• Alternatively, you can use a sign up sheet and ask people to fill it out. Be sure to bring extra pens/pencils.
  •  ADVERTISING
    • If this is an open event (community festival, business expo, etc.) be sure to advertise it to your contacts via email, social media, etc. Invite people to stop by your booth to say “hi”. Sure, they already know you, but do they really know what you do? This also helps out the other vendors and the event host.
    • If you have enough people working in your booth, you can even offer to set appointments with your contacts (especially out of towners) for when they visit.

EVENT DAY

  • SETUP
    • Arrive early enough to get set up and have some time to relax. Be aware that some people may arrive early or other vendors may come look at your booth. Relaxing is fine, but also be ready to work.
      • Arriving early also gives you an opportunity for a last minute upgrade of your booth, if someone didn’t show – you might be able to move to a more desirable location or even take 2 spots, if it’s your neighbor that canceled.
    • Keep your PROMOTIONAL ITEMS hidden. What?!?! That’s right, keep them hidden until you are ready to give one to a visitor.
      • Consider your PROMOTIONAL ITEMS gifts, not freebies to be grabbed by everyone coming by. If you want something for them to grab, get a bowl of candy (the good stuff, not the hard candies that nobody wants – that just shows that you are cheap.)
      • When someone stops to visit or has a conversation with you, reach down to your hidden place and grab their PROMOTIONAL ITEM “gift”, presenting it as a “thank you for stopping by” present. This has much more meaning than something grabbed off your table. And, it keeps people from grabbing a handful.
        • If people don’t want to stop and talk or even look at your booth, are they really a potential client of yours? Probably not – save your money by only giving the “gifts” to those who may become a client.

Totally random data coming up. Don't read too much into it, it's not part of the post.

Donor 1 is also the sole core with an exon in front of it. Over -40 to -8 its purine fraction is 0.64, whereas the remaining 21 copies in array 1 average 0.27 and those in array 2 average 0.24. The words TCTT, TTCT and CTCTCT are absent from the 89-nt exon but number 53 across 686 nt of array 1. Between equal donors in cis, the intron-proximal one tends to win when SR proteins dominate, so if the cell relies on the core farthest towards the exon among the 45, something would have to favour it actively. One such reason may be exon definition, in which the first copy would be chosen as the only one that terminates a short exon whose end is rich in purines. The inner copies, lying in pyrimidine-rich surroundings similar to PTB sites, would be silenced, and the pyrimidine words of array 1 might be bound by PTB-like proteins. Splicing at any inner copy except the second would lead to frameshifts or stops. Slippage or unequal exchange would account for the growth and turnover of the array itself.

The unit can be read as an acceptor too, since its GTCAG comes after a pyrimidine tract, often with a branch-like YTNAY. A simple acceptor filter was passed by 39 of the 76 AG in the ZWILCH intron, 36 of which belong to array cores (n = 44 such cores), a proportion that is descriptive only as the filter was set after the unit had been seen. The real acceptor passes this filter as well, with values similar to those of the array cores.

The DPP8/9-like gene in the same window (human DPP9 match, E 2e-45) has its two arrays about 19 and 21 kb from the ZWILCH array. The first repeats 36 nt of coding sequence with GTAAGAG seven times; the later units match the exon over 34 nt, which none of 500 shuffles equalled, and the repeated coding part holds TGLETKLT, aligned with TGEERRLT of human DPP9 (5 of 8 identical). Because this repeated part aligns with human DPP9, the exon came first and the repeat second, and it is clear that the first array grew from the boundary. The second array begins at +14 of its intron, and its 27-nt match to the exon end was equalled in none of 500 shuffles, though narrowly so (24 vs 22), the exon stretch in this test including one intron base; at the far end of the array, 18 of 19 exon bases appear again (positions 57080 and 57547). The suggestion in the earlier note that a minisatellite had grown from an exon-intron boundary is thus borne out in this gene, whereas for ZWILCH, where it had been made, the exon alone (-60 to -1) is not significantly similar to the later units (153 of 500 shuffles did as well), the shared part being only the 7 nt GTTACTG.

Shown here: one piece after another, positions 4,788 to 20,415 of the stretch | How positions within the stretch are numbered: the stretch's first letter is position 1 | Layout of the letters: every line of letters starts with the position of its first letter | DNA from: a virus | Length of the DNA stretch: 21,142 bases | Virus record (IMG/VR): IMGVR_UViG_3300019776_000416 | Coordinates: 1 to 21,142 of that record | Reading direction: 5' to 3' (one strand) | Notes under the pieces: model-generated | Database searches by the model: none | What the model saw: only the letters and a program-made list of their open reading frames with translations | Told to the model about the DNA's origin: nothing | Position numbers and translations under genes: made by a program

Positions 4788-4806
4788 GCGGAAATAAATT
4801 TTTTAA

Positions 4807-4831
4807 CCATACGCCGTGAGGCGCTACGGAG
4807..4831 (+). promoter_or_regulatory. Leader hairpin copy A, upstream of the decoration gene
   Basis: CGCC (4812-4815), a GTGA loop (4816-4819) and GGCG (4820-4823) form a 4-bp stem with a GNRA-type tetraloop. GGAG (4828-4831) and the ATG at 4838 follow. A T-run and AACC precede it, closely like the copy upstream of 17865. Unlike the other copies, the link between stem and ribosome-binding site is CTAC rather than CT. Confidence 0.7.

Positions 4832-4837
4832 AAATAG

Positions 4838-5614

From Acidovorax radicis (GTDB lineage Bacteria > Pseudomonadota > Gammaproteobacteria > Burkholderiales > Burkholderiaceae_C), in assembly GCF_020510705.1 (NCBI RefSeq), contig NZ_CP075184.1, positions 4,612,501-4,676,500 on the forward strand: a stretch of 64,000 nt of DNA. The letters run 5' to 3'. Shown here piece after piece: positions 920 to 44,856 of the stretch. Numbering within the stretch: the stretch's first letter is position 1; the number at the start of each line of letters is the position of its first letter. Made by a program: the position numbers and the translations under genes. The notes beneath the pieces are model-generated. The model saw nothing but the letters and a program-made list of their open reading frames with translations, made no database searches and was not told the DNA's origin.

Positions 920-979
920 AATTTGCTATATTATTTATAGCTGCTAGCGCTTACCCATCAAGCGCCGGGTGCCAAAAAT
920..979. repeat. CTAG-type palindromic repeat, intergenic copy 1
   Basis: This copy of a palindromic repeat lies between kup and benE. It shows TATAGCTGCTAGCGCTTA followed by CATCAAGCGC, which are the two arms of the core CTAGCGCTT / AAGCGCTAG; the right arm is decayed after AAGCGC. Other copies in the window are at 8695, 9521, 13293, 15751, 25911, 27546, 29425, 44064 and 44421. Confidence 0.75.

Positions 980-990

• Make sure your sweepstake bowl (basket, bag, sign-up sheets, etc.) is easily seen and you have a sign telling what it’s for.
    • Make friends with the people in the booths next to you. If you are the only person in your booth, you may want to take a bathroom break at some point and you can ask one of your new “friends” to keep an eye on things for you. In addition, you never know where you are going to find a client.
  • CUSTOMER INTERACTION
    • No phones, books, or other distractions for you – your goal is to meet visitors. If you have a chair, use it sparingly, unless needed for health reasons.
    • Greet every customer when they stop to visit.
    • Engage in conversation, not a one-way presentation.
      • Avoid the temptation to go into a full-blown sales pitch. Sometimes, this may take all your willpower, but it’s for the best.
        • Start with a high level statement such as “I help (who do you help) to (what do you help with) by (how does it work)”. For example, “I help business owners be remembered after an event by providing them with memorable promotional items to give away.” Your statement should trigger an emotion.
      • Let the visitor lead you to more information. If they ask questions, respond with meaningful information, not a sale pitch.
        • If you feel that they have a great potential to become a client, ask if you can set up an appointment to discuss in more depth, after the event. Your urge will be to make the sale right there, but how long will it take you to do so, at the expense of ignoring other visitors to your booth.
          • Of course, if you are doing direct sales, go ahead and make that sale. The tip above is for those not selling an instant product.
    • Ask them to enter your sweepstake. This is how you get their contact info for follow-up.

AFTER EVENT

  • FOLLOW-UP
    • You collected business cards from the people who stopped in your booth. Send them an email or call soon to follow up. Do NOT send them a sales pitch, but rather a “nice to meet you” note. If you can, send them some useful information or a coupon.
  • SCHEDULE APPOINTMENTS
    • If some people expressed interest in your products or services, go ahead and set up an appointment.
      • I use a FREE tool called You Can Book Me (YouCanBook.me) – it syncs with my calendar and all I have to do is send the link to people and they can book their own appointments.

Best of luck with your event – I know that it will be successful, using these tips.